```def save_ranking(*args):
print(args)
save_ranking('ming', 'alice', 'tom', 'wilson', 'roy')
# ('ming', 'alice', 'tom', 'wilson', 'roy')
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### Collect location and keyword parameters

```def save_ranking(*args, **kwargs):
print(args)
print(kwargs)
save_ranking('ming', 'alice', 'tom', fourth='wilson', fifth='roy')
# ('ming', 'alice', 'tom')
# {'fourth': 'wilson', 'fifth': 'roy'}
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In the above example, * args means to collect any number of location parameters, * * kwargs means to collect any number of keyword parameters. Here * args and * * kwargs can be called packing.

As you can see, we have passed any number of parameters according to the position or keyword above. Parameters passed by location are collected into tuples and referenced by variable args; parameters passed by keyword are referenced by variable kwargs as dictionary type.

As mentioned earlier, keyword parameters cannot be written in front of position parameters. Therefore, the following definitions are wrong:

```def save_ranking(**kwargs, *args):
...
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Any number of parameters is very valuable. It can be seen in many open source projects. Generally, * args or * * kwargs are used as the name of collecting any parameter. Of course, you can use other names, such as * requested or * * optional. Just for open source projects, we are used to using * args and * * kwargs.

## Unpacking

The asterisk can also be used to unpack the container, which is similar to the previous parameter collection. For example, there is a list, tuple or dictionary containing data, and a function to collect any parameter:

```from functools import reduce

primes = [2, 3, 5, 7, 11, 13]

def product(*numbers):
p = reduce(lambda x, y: x * y, numbers)
return p

product(*primes)
# 30030

product(primes)
# [2, 3, 5, 7, 11, 13]
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Because product() can take any parameter, we need to take out the elements in the list and pass them to this function. But here, if the primes list data is provided to the function in the way of * primes, the list referenced by primes will be unpacked, and each prime number in it will be passed to the function, and then it will be referenced with the variable numbers after collection. If you pass the list primes to a function, you cannot unpack it. There is only one primes list in the tuple referenced by numbers.

This is also true for tuples. For dictionaries, you need to use * * instead of *.

```headers = {
'Accept': 'text/plain',
'Content-Length': 348,
'Host': 'http://mingrammer.com'
}

print('content length: ', content_length)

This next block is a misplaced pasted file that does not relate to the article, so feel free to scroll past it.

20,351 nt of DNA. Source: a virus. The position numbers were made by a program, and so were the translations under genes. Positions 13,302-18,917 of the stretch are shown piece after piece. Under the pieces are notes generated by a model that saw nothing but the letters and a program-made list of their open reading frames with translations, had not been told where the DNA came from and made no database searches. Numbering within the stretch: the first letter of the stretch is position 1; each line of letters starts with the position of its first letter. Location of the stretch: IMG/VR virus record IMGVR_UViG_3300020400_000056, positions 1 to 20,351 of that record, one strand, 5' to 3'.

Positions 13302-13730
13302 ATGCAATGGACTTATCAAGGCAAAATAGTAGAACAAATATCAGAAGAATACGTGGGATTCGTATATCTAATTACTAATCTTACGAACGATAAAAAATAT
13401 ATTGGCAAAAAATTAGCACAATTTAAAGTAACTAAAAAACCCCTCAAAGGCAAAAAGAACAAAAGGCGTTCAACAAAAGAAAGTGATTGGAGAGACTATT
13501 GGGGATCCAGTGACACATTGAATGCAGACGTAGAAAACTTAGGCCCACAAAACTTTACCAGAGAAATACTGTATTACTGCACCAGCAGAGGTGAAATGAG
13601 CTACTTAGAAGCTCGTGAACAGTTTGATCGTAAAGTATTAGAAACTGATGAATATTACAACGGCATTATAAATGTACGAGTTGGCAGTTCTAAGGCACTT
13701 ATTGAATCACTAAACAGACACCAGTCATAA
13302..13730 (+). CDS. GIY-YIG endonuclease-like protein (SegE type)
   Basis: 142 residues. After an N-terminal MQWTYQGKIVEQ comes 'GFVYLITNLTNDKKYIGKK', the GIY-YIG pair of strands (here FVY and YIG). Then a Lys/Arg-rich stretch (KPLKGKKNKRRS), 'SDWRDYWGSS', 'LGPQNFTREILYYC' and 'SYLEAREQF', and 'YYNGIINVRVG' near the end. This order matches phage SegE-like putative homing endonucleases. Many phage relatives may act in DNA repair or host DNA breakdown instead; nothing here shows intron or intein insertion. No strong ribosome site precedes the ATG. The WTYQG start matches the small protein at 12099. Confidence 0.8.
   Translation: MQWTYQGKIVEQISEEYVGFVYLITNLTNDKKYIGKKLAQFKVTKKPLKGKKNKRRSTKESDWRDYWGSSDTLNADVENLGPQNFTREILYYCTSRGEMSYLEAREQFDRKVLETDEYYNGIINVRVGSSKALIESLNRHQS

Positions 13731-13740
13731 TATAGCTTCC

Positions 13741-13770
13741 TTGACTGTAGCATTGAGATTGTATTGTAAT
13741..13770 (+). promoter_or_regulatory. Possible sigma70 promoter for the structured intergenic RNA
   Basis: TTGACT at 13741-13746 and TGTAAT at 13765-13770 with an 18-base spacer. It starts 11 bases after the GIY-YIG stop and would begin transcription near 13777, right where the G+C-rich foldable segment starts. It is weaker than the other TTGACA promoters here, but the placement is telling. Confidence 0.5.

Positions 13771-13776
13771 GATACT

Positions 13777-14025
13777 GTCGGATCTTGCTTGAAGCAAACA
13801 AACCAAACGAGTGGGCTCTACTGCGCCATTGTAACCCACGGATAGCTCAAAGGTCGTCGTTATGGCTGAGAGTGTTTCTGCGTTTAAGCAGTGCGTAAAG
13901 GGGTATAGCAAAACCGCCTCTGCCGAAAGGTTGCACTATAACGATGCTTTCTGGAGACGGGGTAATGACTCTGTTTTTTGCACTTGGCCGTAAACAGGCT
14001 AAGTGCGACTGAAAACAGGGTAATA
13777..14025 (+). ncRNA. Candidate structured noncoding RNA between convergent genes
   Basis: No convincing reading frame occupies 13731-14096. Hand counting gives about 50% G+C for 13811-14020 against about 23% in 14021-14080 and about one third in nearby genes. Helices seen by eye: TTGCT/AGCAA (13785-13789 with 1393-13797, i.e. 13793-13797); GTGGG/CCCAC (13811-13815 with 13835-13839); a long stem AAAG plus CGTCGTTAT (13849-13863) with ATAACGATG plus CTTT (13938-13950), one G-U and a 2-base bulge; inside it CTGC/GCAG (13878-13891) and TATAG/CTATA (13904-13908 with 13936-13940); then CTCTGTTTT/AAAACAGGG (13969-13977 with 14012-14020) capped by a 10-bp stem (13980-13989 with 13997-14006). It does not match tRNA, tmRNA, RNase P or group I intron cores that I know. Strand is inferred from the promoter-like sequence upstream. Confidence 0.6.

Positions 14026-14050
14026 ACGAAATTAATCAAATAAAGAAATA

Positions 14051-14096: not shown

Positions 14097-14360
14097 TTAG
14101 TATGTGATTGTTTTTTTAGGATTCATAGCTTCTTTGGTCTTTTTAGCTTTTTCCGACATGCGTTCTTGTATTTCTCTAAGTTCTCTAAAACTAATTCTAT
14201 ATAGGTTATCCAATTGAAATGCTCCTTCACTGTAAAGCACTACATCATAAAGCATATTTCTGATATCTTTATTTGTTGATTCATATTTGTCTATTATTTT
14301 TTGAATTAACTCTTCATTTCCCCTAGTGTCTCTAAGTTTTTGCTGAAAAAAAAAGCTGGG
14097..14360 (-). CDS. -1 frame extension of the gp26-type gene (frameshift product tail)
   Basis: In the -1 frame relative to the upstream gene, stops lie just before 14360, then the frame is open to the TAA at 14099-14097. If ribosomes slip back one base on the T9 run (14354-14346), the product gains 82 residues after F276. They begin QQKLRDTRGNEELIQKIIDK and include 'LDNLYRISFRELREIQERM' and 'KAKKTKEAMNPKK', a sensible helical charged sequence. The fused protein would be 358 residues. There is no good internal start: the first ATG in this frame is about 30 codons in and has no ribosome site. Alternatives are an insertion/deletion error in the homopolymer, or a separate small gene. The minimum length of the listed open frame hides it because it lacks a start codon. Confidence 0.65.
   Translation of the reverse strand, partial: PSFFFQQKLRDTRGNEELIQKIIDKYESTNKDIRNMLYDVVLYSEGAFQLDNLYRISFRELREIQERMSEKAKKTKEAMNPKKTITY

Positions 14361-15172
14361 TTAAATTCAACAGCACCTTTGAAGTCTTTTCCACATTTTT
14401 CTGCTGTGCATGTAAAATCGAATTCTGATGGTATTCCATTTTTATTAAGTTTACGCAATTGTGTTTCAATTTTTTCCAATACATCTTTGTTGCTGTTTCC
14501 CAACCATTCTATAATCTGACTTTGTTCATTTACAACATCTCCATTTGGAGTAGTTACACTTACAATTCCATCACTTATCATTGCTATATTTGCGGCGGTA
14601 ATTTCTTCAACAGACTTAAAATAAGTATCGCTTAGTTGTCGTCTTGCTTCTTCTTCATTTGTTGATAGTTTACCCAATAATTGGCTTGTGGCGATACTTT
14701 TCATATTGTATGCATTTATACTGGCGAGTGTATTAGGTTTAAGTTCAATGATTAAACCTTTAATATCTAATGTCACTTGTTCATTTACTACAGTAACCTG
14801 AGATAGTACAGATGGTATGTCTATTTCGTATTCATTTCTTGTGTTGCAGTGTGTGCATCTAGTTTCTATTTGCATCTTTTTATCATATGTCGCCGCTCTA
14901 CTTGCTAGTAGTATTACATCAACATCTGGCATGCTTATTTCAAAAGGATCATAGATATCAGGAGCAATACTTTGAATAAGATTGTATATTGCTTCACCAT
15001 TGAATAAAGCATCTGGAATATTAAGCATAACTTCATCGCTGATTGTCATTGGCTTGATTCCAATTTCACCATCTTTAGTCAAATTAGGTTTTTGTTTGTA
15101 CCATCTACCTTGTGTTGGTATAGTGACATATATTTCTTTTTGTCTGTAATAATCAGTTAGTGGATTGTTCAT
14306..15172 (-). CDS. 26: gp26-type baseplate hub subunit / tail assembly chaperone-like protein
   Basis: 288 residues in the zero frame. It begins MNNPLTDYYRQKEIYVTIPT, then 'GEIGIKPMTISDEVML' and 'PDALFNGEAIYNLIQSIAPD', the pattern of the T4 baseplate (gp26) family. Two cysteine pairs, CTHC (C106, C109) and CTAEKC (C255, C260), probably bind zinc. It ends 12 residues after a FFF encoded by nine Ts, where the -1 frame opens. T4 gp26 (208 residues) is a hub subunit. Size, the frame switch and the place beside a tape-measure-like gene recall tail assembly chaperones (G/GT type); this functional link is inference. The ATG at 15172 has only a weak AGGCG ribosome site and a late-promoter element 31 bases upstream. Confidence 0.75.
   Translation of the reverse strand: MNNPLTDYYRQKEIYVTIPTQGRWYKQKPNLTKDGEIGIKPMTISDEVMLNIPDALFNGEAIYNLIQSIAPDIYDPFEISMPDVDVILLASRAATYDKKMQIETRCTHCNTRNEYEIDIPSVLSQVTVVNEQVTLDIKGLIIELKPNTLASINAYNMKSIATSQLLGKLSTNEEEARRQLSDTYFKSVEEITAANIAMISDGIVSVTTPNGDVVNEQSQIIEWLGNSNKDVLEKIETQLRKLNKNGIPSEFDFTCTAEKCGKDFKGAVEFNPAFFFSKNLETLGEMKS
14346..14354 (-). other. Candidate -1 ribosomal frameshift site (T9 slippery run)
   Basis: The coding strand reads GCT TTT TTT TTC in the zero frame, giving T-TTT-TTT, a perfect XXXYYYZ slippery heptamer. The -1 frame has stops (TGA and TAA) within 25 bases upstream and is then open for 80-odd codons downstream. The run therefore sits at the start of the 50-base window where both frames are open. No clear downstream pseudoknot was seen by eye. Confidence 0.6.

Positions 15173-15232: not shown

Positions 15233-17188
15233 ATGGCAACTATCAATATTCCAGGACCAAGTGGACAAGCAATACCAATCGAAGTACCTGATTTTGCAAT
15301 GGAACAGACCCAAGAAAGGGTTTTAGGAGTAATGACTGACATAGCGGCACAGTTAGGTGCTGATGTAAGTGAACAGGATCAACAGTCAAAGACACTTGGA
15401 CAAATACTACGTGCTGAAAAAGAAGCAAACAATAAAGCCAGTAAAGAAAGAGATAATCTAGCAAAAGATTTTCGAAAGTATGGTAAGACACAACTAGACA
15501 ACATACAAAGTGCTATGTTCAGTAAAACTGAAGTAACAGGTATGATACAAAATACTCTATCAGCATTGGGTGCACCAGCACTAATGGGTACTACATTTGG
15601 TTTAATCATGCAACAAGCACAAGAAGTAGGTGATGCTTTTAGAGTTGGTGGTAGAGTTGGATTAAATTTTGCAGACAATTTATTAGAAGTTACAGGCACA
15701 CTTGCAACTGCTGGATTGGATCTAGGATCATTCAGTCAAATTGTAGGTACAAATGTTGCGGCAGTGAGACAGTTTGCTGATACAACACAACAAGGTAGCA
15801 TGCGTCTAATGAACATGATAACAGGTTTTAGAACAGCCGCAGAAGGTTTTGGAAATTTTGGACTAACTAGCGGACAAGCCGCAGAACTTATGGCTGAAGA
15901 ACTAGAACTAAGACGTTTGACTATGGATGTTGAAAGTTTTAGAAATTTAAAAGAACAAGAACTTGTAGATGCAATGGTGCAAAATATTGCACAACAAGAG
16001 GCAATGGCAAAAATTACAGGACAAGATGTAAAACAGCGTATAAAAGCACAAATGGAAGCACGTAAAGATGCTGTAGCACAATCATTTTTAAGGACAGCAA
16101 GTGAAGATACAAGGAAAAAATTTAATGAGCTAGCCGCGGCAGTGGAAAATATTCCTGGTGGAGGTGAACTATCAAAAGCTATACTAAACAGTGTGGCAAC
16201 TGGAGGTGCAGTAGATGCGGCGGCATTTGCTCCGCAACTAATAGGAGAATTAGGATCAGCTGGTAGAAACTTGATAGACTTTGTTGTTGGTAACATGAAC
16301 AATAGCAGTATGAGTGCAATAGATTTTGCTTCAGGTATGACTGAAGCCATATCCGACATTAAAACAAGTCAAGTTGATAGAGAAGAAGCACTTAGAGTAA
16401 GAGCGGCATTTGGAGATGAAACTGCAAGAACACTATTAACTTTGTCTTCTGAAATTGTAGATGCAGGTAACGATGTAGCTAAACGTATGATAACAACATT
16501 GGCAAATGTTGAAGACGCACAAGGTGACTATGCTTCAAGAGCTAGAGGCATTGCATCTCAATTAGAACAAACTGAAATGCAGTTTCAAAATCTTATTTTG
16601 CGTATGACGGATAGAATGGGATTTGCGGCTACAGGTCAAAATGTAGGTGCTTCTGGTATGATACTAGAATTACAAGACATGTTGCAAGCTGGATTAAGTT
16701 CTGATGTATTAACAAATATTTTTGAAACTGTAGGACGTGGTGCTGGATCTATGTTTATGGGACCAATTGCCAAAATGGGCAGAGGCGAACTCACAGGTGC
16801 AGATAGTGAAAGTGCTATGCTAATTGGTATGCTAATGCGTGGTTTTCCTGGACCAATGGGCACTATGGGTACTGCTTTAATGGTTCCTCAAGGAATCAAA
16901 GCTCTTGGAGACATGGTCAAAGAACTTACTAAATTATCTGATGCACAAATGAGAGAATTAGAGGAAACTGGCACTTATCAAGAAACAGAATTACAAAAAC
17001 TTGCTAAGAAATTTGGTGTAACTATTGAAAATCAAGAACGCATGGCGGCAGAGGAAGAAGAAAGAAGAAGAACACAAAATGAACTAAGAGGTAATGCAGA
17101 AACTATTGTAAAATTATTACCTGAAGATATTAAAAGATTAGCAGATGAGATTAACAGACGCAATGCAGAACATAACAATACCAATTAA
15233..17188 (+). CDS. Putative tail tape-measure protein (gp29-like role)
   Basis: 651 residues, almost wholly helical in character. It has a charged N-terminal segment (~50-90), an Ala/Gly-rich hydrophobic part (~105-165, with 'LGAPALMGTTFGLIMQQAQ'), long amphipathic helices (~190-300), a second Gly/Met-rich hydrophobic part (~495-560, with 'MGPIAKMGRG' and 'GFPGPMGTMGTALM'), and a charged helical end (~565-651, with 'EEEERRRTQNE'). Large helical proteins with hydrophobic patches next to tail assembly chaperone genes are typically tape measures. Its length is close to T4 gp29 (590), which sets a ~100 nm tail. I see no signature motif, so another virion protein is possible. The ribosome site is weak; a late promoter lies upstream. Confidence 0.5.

if 'https' not in host:
raise ValueError('You must use SSL for http communication')

# content length:  348
# Traceback (most recent call last):
#   File "<stdin>", line 1, in <module>
#   File "<stdin>", line 7, in pre_process
# ValueError: You must use SSL for http communication
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There are many ways to unpack, not even for functions, but to extract data from lists and tuples, and reference them with dynamic variables.

```numbers = [1, 2, 3, 4, 5, 6]

# The left side of unpacking should be list or tuple.
*a, = numbers
# a = [1, 2, 3, 4, 5, 6]

*a, b = numbers
# a = [1, 2, 3, 4, 5]
# b = 6

a, *b, = numbers
# a = 1
# b = [2, 3, 4, 5, 6]

a, *b, c = numbers
# a = 1
# b = [2, 3, 4, 5]
# c = 6
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In the above operation, it is explained that the data obtained from unpacking can be unpacked from the list or tuple respectively, and the corresponding value can be obtained. Then * A and * b are used to reference the unpacked data and package it as a list. This is the same concept as any number of parameters mentioned above.

## conclusion

The above briefly introduces the asterisk (*) in Python language. As an operator, it has many uses, especially in "collect parameters", which is very important. However, beginners are easy to be confused here, so if you are a beginner, please take a look at the above content carefully.

Note: many people will encounter all kinds of problems in the process of learning python. No one can easily give up. For this reason, I have built a python full stack for free answer. Skirt: seven clothes, nine seven seven bars and five (homophony of numbers) can be found under conversion. The problems that I don't understand are solved by the old driver and the latest Python practical course. We can supervise each other and make progress together!
The text and pictures of this article come from the Internet and my own ideas. They are only for learning and communication. They have no commercial use. The copyright belongs to the original author. If you have any questions, please contact us in time for handling.

Keywords: Python Asterisk SSL Programming

Added by hours12 on Mon, 13 Apr 2020 13:06:12 +0300